Guidelines from the Britain’s Health Protection Agency already state that masts should not be sited near schools because of a possible cancer link and other health risks.
Now its chairman, Sir William Stewart, is seeking a review of the health effects of wi-fi networks amid fears they could pose even greater dangers.Wi-fi networks works by transmitting information via radio waves from a telephone line to a computer and back.
They have been installed in some of Australia’s leading schools including Melbourne’s Xavier College which has invested in 50 network transmitters across the school. In Britain, networks have been installed in nearly 50 per cent of primary schools and 70 per cent of secondary schools giving millions of children access to computers.
Researchers for the BBC’s Panorama programme visited a comprehensive in Norwich and measured the strength of a radiation signal from a classroom wi-fi laptop. They found that the maximum signal strength was three times higher than that of a typical mobile phone mast. Scientists believe children may be more vulnerable to radio-frequency radiation emissions than adults because their skulls are still growing and are thinner.
This raises questions over the safety of children bent over computers being exposed to radiation at very close quarters. But Panorama spoke to 50 schools and only one had been alerted to possible health risks. Some had been categorically told that there was no danger. In response to the findings, Sir William said: ‘I believe that there is a need for a review of wi-fi and other areas. I think it’s timely for it to be done now.
In the past 18 months 1.6million wi-fi connections have been set up in the UK. This means children using computers at home could also be at risk. The World Health Organisation, backed by the Government, says there are ‘no adverse health effects from low-level, long-term exposure’ to wi-fi radiation. But Sir William said there was growing evidence of possible harm from radio-frequency radiation. He explained: ‘There may be changes, for example in cognitive function. ‘There were some indications that there may be cancer inductions. There was some molecular biology changes within the cell.’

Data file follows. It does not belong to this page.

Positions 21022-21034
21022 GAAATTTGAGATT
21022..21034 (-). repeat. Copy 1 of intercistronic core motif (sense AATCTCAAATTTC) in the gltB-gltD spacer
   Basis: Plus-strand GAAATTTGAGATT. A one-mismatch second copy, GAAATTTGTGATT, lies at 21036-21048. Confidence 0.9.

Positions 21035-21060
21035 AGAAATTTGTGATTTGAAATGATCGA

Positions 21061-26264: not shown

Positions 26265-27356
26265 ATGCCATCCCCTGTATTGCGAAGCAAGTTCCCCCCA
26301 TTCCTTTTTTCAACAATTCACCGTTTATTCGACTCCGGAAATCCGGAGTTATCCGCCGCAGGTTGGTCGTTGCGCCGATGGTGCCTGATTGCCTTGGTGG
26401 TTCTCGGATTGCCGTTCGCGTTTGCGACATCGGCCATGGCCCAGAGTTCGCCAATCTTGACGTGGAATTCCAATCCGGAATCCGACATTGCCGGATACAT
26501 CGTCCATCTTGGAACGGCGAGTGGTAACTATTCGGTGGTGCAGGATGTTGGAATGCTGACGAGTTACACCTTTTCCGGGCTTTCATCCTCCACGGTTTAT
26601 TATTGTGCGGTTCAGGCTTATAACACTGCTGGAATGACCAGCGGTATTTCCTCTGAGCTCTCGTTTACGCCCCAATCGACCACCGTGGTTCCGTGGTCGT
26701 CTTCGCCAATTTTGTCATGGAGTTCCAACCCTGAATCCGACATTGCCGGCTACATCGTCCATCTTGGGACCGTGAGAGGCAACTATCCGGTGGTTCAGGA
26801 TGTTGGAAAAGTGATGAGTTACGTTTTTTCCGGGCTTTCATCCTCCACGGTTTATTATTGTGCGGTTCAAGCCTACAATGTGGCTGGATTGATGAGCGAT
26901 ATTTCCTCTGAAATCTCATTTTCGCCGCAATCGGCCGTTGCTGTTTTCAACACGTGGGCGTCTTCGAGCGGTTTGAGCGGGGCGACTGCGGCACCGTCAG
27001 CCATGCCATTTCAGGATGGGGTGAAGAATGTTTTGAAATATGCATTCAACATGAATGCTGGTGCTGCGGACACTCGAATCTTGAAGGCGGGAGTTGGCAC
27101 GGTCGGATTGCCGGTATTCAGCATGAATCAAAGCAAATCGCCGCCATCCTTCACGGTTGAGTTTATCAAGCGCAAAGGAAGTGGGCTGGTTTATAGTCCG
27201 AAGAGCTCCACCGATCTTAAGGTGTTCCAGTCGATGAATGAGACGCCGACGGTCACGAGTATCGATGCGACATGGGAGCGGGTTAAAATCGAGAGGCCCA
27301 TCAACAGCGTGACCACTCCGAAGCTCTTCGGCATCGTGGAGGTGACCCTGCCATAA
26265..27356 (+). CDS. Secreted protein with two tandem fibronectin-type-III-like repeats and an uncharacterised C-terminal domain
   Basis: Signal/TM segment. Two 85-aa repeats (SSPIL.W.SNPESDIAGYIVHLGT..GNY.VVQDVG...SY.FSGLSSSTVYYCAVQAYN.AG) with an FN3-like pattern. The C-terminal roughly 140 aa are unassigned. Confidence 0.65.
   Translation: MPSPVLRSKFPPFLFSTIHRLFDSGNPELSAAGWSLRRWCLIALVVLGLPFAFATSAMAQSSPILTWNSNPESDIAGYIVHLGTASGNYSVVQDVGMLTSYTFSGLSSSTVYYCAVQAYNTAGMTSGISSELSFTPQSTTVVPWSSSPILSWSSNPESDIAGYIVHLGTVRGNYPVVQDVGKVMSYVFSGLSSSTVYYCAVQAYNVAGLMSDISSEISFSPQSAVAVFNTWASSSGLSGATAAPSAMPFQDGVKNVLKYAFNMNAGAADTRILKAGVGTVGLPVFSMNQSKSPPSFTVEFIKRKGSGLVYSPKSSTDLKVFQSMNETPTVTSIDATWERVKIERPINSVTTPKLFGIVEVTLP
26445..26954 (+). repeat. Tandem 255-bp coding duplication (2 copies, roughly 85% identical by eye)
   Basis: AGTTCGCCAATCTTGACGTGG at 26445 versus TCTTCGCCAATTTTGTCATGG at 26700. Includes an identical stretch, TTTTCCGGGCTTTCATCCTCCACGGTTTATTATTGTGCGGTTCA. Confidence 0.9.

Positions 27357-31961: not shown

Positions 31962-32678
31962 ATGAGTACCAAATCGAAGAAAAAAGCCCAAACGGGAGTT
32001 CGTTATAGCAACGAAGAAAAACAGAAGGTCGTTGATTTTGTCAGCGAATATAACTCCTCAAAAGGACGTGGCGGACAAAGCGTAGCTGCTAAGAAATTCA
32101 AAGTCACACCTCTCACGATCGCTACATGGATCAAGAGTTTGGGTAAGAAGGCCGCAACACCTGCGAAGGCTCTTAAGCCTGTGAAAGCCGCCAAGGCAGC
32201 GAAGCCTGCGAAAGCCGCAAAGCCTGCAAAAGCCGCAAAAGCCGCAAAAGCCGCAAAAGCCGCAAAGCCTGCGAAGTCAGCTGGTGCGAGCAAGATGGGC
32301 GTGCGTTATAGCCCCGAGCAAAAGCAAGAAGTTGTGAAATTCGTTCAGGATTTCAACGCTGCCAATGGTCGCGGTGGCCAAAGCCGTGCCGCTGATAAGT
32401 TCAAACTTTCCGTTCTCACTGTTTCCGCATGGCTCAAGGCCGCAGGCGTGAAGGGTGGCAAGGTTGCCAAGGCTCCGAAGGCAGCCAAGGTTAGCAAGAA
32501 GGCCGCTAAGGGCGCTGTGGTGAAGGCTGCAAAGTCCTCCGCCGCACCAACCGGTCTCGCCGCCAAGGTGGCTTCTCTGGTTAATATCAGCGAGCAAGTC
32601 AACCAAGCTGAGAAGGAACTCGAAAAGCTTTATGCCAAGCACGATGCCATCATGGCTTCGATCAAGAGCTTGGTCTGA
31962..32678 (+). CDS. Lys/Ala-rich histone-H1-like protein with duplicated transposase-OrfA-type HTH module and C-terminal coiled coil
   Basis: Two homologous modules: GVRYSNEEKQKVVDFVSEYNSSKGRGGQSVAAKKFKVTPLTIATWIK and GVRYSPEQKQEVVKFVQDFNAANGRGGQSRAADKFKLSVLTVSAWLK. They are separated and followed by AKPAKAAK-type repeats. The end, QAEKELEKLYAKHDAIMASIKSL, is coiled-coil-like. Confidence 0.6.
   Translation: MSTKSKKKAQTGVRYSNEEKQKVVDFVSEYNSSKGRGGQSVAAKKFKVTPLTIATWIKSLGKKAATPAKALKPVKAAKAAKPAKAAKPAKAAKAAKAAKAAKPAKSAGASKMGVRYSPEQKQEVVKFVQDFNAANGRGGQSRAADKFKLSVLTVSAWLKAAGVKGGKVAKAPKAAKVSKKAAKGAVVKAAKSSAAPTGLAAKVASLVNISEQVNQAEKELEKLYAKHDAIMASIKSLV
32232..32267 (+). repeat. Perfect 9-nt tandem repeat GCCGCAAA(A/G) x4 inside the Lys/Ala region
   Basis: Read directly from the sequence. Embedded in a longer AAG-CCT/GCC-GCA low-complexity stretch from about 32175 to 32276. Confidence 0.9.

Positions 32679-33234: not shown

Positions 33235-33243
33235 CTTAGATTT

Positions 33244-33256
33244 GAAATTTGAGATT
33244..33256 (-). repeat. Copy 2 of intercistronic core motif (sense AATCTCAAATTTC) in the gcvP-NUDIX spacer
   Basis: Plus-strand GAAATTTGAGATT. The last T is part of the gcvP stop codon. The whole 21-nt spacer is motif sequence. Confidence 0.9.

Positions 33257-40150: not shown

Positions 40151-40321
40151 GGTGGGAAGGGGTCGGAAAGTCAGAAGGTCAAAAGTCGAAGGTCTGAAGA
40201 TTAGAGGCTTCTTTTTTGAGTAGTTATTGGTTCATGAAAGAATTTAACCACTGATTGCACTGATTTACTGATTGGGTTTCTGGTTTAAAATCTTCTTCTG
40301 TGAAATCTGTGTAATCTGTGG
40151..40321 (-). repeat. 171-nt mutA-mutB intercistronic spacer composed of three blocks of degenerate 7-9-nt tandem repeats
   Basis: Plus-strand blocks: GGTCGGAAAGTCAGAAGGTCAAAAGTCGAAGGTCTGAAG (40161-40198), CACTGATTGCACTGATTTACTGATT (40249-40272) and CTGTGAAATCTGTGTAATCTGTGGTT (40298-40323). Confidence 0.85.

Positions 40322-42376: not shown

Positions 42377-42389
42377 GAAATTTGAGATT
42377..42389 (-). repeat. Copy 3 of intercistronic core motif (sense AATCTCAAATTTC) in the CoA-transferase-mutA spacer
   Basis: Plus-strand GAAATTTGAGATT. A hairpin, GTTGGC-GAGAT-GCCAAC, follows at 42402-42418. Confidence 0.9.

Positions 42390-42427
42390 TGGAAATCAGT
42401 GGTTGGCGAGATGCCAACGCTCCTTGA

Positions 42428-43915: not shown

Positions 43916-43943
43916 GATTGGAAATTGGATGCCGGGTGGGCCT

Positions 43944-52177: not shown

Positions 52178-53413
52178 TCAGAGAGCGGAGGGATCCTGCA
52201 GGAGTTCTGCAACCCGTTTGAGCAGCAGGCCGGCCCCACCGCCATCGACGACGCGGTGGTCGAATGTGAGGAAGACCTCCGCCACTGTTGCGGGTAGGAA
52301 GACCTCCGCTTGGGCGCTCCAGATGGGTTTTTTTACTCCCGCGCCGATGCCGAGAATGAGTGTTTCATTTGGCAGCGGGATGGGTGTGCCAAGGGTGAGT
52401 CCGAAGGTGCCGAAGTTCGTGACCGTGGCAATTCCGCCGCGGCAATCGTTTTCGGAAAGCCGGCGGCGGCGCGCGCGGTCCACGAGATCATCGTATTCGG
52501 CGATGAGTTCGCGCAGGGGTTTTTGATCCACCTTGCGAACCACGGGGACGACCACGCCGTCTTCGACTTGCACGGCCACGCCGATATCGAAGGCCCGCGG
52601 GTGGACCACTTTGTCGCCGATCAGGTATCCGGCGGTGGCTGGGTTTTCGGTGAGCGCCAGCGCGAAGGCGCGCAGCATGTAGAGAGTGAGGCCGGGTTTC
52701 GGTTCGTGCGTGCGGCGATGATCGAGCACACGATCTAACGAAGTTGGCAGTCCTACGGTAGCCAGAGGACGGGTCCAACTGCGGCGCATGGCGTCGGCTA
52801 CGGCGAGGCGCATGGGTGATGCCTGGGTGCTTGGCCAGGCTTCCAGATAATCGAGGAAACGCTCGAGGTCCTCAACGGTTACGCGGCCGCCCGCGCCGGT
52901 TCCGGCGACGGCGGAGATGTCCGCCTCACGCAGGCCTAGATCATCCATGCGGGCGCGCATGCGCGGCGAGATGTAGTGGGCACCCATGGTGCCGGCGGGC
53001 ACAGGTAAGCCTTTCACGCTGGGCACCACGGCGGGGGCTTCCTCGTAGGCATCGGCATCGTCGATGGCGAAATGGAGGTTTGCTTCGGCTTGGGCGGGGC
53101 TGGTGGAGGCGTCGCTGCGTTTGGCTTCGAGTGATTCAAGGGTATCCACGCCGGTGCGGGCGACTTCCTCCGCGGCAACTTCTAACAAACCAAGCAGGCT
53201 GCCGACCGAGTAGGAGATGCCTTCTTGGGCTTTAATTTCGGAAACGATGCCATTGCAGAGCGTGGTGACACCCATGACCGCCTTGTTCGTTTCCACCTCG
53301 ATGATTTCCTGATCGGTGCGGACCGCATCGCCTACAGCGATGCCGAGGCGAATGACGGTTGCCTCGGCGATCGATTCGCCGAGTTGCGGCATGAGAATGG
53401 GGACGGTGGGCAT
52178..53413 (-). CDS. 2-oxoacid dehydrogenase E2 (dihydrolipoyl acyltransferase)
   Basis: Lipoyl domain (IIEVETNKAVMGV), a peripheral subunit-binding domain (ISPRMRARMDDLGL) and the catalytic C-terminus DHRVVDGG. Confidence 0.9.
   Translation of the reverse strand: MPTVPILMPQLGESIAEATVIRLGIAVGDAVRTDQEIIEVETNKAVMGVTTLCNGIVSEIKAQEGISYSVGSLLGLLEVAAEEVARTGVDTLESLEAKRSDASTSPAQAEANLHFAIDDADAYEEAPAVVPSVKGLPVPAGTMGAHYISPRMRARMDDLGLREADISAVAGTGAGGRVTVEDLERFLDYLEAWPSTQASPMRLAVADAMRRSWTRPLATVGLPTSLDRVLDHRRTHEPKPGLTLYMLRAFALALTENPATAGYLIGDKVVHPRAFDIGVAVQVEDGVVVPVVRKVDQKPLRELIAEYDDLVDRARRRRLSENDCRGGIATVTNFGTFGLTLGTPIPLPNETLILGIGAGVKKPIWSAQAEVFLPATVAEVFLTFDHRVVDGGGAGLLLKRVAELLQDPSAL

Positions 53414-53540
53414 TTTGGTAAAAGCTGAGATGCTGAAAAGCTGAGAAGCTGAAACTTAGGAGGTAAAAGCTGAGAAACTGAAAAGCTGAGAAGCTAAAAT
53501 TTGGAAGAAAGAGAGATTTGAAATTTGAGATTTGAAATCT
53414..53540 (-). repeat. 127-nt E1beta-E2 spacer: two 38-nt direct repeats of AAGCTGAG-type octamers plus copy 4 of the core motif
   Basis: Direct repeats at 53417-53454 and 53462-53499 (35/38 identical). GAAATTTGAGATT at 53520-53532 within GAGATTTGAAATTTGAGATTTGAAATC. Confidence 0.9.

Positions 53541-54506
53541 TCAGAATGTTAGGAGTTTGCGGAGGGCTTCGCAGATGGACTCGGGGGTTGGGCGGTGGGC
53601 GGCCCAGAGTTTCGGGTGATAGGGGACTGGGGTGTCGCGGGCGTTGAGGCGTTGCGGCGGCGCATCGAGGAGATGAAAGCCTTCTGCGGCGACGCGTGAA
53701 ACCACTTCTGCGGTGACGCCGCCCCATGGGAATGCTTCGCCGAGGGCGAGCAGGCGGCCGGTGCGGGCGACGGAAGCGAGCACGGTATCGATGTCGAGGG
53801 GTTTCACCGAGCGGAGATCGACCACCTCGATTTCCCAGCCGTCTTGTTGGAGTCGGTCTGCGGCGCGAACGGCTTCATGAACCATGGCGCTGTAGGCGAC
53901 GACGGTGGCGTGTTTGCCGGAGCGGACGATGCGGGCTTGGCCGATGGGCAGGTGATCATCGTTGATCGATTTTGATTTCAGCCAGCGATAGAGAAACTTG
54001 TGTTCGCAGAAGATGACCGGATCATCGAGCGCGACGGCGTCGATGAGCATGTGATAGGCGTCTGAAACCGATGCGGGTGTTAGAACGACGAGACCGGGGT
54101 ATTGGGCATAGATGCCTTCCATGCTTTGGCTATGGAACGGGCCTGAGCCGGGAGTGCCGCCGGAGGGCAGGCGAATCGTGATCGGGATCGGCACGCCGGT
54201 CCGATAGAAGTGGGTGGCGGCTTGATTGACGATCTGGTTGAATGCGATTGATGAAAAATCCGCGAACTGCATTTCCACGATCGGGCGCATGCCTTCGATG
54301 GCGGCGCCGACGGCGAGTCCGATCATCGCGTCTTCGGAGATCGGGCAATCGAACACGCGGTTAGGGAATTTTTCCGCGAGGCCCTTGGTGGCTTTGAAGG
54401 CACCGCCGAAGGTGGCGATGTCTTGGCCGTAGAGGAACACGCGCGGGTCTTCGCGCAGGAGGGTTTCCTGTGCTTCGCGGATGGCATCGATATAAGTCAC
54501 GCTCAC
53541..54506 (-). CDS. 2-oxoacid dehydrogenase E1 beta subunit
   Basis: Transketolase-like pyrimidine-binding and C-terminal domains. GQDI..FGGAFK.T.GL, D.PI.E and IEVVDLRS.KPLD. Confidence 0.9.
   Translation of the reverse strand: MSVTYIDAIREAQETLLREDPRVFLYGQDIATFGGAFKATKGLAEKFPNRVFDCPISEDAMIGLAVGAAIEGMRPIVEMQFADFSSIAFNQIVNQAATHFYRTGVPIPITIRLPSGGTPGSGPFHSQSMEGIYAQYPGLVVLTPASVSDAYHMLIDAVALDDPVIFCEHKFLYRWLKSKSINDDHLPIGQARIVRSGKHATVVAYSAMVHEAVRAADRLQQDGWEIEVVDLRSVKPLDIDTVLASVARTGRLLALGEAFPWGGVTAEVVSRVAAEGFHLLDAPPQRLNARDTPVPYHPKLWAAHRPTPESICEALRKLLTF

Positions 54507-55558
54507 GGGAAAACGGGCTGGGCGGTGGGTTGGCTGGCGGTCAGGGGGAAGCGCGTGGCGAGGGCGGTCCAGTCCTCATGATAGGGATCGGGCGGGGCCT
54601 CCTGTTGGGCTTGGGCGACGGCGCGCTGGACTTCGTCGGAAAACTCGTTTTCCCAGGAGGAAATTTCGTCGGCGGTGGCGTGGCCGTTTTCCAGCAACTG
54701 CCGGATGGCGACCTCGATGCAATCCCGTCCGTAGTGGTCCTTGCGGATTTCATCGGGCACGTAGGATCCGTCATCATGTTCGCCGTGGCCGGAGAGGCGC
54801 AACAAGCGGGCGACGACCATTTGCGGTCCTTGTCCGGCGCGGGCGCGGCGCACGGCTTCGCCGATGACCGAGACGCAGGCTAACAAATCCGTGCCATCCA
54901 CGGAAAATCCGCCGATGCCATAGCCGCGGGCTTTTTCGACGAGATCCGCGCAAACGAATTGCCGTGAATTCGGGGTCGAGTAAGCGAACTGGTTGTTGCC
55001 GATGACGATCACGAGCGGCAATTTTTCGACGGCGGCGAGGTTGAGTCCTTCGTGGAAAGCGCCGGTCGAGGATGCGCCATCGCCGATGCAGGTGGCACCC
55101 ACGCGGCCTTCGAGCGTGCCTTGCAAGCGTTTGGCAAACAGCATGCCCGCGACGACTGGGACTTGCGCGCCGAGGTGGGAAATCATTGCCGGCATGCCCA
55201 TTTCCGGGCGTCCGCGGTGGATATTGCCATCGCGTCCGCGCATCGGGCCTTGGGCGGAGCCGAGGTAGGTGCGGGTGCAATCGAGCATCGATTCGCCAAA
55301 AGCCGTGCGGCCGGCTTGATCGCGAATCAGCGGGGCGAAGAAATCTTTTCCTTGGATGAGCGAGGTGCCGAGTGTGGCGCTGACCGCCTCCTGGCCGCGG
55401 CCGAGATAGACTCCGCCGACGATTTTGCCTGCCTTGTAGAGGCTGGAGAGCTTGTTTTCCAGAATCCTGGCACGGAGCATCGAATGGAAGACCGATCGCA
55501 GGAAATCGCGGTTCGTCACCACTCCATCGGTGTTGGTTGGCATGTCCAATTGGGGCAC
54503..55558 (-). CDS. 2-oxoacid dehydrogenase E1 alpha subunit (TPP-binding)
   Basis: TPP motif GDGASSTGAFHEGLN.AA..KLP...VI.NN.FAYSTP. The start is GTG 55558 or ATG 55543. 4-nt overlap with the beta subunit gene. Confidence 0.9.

Philip Parkin, general secretary of the Professional Association of Teachers, said: ‘I am asking for schools to consider very seriously whether they should be installing wi-fi networks now and this will make them think twice or three times before they do it.’
The levels of radiation Panorama found were 600 times lower than those deemed dangerous by the Government, which bases its data on radiation safety limits provided by a group of scientists called ICNIRP. But it does not take the biological effects of radio-frequency radiation into account, basing exposure limits solely on a ‘thermal effect’. This means radiation only counts if it is so strong it causes a heat effect.